“Think like an elite”? Not so fast!

July 3rd, 2014 by | Posted in Research for the Run, Science, Training | Tags: , , ,

stressed brain activity

What do you think about when you’re racing? (besides the finish, of course.) Is it how you’re holding you arms? How heavily you’re breathing? Or is it what you’ll have for dinner?

The two most common responses likely fall under two general categories that sport psychologists have dubbed associative thinking  and disassociative thinking. Associative thinking is an internal focus of attention that includes thoughts related to one’s performance and body movements. Dissassociative thinking is an external focus of attention that refers to random thoughts related to anything and everything else.

Previous research has found, that if you ask those at the front of the pack — the elites and others who finish towards the top — most athletes are using associative thinking and maintaining a high internal focus. Middle and back of the pack runners are engaged in disassociative thinking with a more external focus. This is why we’re often told to “think like an elite” and focus on how we’re doing during the race.

But before you start getting critical about where your arms are or how many steps you cover every minute, be cautioned that over thinking these details might not be the best approach, either.

A recent study published in the Journal of Sport and Exercise Physiology asked a sample of active runners to perform a treadmill test at moderate intensity. Every few minutes participants were asked to focus their attention on either a specific aspect of their running (movement execution, breathing, how they felt) or simply on whatever came to mind. At the same time, researchers measured the runner’s oxygen consumption to see what different thoughts were related with different running economies.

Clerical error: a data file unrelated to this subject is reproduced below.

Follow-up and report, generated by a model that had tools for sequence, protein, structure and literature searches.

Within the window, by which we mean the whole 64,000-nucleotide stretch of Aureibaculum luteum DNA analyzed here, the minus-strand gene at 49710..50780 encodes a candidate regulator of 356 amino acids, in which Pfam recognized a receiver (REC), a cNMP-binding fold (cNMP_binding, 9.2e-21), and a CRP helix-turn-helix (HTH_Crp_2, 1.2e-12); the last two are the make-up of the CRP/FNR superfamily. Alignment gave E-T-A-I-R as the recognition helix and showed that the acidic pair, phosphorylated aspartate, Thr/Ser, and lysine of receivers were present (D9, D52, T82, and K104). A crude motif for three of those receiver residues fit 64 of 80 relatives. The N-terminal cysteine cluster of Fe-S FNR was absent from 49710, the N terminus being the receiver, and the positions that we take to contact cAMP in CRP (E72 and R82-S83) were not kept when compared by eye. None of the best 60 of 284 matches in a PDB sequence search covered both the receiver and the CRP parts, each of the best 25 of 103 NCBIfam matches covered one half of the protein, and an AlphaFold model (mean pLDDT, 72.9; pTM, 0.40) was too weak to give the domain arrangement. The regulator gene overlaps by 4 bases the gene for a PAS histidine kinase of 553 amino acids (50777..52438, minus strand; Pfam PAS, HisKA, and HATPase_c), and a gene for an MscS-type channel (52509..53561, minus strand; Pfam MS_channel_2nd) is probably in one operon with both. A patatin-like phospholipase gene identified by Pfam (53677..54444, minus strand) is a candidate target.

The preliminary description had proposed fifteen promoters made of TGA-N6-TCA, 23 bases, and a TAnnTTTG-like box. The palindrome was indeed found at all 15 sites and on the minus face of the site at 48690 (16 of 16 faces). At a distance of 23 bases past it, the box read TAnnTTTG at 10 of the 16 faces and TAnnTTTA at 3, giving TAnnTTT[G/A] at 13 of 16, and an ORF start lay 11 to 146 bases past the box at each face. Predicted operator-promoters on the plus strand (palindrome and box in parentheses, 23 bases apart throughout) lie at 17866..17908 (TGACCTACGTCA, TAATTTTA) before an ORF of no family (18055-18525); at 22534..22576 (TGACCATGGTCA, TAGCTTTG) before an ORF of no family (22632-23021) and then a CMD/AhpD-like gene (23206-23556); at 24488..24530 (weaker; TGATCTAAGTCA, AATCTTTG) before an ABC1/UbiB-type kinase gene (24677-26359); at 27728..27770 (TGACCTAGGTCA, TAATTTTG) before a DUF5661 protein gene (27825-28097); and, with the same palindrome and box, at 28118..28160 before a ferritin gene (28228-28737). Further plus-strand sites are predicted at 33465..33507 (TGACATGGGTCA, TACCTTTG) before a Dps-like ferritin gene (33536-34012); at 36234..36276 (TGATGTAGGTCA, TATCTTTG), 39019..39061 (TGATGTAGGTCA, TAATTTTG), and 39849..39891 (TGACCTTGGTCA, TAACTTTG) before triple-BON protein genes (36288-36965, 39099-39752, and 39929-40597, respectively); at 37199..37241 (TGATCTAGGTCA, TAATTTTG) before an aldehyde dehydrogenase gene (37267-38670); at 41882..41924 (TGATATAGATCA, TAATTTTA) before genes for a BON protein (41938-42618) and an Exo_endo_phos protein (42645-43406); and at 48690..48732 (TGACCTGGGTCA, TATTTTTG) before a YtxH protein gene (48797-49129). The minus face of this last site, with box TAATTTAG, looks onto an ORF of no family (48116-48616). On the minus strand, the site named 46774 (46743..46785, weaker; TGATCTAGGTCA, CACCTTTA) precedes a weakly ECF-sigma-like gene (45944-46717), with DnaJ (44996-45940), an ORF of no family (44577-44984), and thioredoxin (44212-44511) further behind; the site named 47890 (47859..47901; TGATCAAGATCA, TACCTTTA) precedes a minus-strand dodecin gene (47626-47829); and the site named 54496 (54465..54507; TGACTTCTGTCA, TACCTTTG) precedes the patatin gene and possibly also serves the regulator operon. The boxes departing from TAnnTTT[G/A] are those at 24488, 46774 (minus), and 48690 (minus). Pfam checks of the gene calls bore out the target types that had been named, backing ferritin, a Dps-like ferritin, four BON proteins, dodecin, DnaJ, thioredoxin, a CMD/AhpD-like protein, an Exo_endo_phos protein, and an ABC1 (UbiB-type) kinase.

In a somewhat surprising result, runners displayed the greatest running economy when thinking about both whatever they wanted (assumed to be more external and disassociative thinking) or when they simply focused on how they subjectively felt. When asked to concentrate on their body movements and their breathing, oxygen consumption actually increased, which could slow them down in the long run.

So what does this mean for you?

While it’s important to focus on how you feel when racing, it may actually be less beneficial to focus on specific aspects of your running, especially those that are not easily controlled such as your running form, biomechanics or breathing.

Instead, try checking in every few minutes to ensure you are still feeling fine and that things are OK while not obsessing over details beyond your control. And hey, if that means deciding between having pizza or pork chops for dinner, take your time, mull over it and you’ll be that much closer to the finish when you decide.